Sterling was born in Ansley, Louisiana in Jackson Parish, in a sawmill town that no longer exists. He was one of two brothers and three sisters born to Sterling Joseph Spell and Elizabeth Eliza Droddy, whose family also worked in logging camps. His siblings were Jo Versel, Lucy V., Alweina Elizabeth, and Orville Ray. Another daughter died of spinal meningitis when she was eight months old. Sterling's father came to the area in 1915 as a hardwood sawyer, a man who operates the carriage at the hardwood wheel. The elder Sterling was not drafted into the armed forces in World War I because logging was an essential war industry. Eventually, his father became general superintendent of the mill. Sterling grew up in a "company house" that belonged to the timber company. Fortunately for the family, the company provided also electricity. The family bought groceries at the commissary. While Ansley was a small town in the forests, a railroad connected it to Ruston, ten miles away. The family also had cars, one of them a 1936 Ford in which he learned to drive. To read the entire bio, click the link above.
If you or someone you know would like to share stories with us, please call (318) 865-4201 ext. 122, or contact email@example.com.
The R.W. Norton Art Gallery will be closed to the public Friday, 24 April, Saturday, 25 April, and Sunday, 26 April 2015 for an Education Conference.
As pundits routinely predict the demise of the daily newspaper, it's worth taking a look at the innovation they once were and what a profound effect they've had on history. In that light, the Norton presents "All the News That's Fit to Print", an exhibition of 19th-century newspaper and magazines that reported and even occasionally made the news. It's also worth noting that newspapers were not always welcomed. The first American newspaper appeared in Boston in 1690 and was immediately suppressed with its publisher arrested and all copies destroyed. The first successful paper managed to appear in 1704, heavily subsized by the colonial government (with the obvious establishment bias.)...
"Realism" as a general term in the arts describes the accurate representation of teh visual appearance of the world we live in. The International Guild of Realism currently represents 350 artists hailing from 35 countries around the world who produce superb, high quality artwork, ranging from the ultra-contemporary to timeless traditional realism. This exhibit of sixty-five works is representative of the best work of its members today who work in a range of media including oil, acrylic, egg tempera, graphite and colored pencil.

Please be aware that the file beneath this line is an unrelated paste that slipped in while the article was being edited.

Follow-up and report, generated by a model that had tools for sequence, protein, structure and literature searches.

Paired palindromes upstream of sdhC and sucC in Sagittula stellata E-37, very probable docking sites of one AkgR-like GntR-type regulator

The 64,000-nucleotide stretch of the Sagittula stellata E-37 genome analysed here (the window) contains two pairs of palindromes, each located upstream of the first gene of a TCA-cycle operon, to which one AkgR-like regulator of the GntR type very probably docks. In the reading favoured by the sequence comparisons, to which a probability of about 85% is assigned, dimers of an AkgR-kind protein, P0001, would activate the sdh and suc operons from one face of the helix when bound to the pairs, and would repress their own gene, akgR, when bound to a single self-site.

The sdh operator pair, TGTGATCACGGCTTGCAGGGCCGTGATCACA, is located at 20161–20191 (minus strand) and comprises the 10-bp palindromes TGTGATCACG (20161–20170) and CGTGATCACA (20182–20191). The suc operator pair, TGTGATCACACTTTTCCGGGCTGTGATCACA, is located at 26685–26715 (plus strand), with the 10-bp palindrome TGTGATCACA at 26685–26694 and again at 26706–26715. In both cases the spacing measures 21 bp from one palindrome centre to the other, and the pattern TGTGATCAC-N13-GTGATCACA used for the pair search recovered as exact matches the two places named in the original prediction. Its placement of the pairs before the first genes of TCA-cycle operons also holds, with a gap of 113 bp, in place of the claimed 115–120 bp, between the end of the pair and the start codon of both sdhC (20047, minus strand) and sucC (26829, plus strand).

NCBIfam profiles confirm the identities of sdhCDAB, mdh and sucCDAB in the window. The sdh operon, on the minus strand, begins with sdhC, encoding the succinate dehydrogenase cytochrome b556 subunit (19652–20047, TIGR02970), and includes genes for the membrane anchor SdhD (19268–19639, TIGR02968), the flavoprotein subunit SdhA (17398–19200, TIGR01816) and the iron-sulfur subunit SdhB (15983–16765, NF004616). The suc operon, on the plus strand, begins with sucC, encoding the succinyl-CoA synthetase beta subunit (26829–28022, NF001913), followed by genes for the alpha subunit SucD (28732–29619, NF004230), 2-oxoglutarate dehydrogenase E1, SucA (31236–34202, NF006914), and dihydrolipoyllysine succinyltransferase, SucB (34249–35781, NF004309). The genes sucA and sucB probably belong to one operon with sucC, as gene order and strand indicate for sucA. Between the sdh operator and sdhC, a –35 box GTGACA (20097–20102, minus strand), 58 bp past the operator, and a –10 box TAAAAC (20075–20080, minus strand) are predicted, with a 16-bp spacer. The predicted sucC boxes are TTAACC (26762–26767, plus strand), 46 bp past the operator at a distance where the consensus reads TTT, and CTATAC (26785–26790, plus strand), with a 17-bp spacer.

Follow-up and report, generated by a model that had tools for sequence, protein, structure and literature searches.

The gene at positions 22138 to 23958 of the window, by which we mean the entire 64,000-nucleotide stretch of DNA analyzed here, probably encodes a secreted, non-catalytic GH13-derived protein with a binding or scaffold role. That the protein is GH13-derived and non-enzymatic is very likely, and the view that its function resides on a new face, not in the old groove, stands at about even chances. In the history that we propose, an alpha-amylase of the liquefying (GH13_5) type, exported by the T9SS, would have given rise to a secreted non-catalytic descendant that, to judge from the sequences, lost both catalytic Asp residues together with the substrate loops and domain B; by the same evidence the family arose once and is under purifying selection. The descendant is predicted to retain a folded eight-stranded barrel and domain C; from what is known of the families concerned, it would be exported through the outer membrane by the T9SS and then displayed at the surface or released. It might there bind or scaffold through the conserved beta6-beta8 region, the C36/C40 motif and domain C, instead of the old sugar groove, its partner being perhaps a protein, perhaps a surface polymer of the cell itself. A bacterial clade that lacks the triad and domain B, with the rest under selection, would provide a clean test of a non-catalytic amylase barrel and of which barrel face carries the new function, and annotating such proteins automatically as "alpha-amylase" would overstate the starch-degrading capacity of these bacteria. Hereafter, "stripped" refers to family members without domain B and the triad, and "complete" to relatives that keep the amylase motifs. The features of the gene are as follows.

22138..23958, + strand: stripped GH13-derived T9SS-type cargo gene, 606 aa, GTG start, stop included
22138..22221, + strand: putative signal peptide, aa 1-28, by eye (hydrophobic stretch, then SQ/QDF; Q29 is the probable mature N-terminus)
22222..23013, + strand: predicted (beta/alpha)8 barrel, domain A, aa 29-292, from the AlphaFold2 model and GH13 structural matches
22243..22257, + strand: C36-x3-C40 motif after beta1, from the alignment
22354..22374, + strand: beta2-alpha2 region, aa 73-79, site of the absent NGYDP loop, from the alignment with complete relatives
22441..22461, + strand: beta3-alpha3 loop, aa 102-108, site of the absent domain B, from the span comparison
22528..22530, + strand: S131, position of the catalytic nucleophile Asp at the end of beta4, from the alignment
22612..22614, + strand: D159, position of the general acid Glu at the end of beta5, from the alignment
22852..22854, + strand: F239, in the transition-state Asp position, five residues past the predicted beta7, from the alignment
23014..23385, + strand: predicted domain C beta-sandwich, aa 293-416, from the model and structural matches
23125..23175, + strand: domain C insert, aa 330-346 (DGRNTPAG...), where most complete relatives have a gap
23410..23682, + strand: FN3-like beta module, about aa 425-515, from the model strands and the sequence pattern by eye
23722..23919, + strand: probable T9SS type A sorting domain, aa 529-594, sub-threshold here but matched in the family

The inaugural Shreveport Derby Day will be held on the lawn of the R.W. Norton Art Gallery on Saturday, 2 May. Food by Rhino Coffee, Mint Juleps and other spirits by Wine Country Bistro & Bottle Shops, beer from Great Raft Brewing and music by New Orleans' Flow Tribe are all included in your ticket price. Tickets must be purchased in advance at eventbrite.com (search Shreveport Derby Day)...
Join us for our 2nd Annual Night at the Museum! The fun inside the R.W. Norton Art Gallery is from 6:00 to 8:00 PM on 15 May with a live exploratory exhibition featuring players from the Shreveport Little Theatre. This come and go experience will be entertaining and enlightening.
After the exhibition, enjoy the movie "Night at the Museum 2: Battle of the Smithsonian". The movie will be shown on the lawn of the R.W. Norton Art Gallery via an inflatable screen, courtesy of the Robinson Film Center. Food trucks and entertainers will also be on site.
Join us and see art come alive!
This event is presented by: R.W. Norton Art Gallery, Shreveport Little Theatre, & Robinson Film Center.
For more information call (318) 865-4201 ext. 130, or click on 'Learn More' to find answers to questions you may have...
by Hiroshi Yoshida
Toshogu Shrine is a color woodcut made by a modern master of the form, Hiroshi Yoshida. Establishing a third school of modern prints in Japan, Yoshida combined the artist-carver-publisher system of ukiyo-e with the sosaku hanga artists total control of the final image. He directed every step of the production of his prints and was meticulous about the quality of the finished impressions. He also added the notation jizuri (self-print) on his works to distinguish them from other artists who did not supervise the final process. Only after he was sure a print was free of imperfections would he stamp it with his seal and then sign it in pencil. Studying both Western techniques of composition with traditional Japanese methods, he developed a unique style that was original in woodblock printing. To read the whole article, please click on the link above.
Featured This Month:
Persian ironwood is a small, single trunk, deciduous tree eventually growing 20-40' tall or a large, multi-stemmed shrub growing to 15' tall. Flowers with dense, red stamens surrounded by brownish bracts appear in late winter to early spring before the foliage. Flowers are attractive on close inspection, but are generally considered to be somewhat insignificant. Oval to oblong leaves (to 4" long) emerge reddish-purple in spring, mature to a medium to dark green in summer and change to variable shades of yellow, orange and red in fall. Bark of mature trees exfoliates to show green, white or tan patches beneath and provides good winter interest. Best grown in average, slightly acidic, medium moisture, well-drained soils and in full sun. Tolerates light shade and a wide range of soil conditions.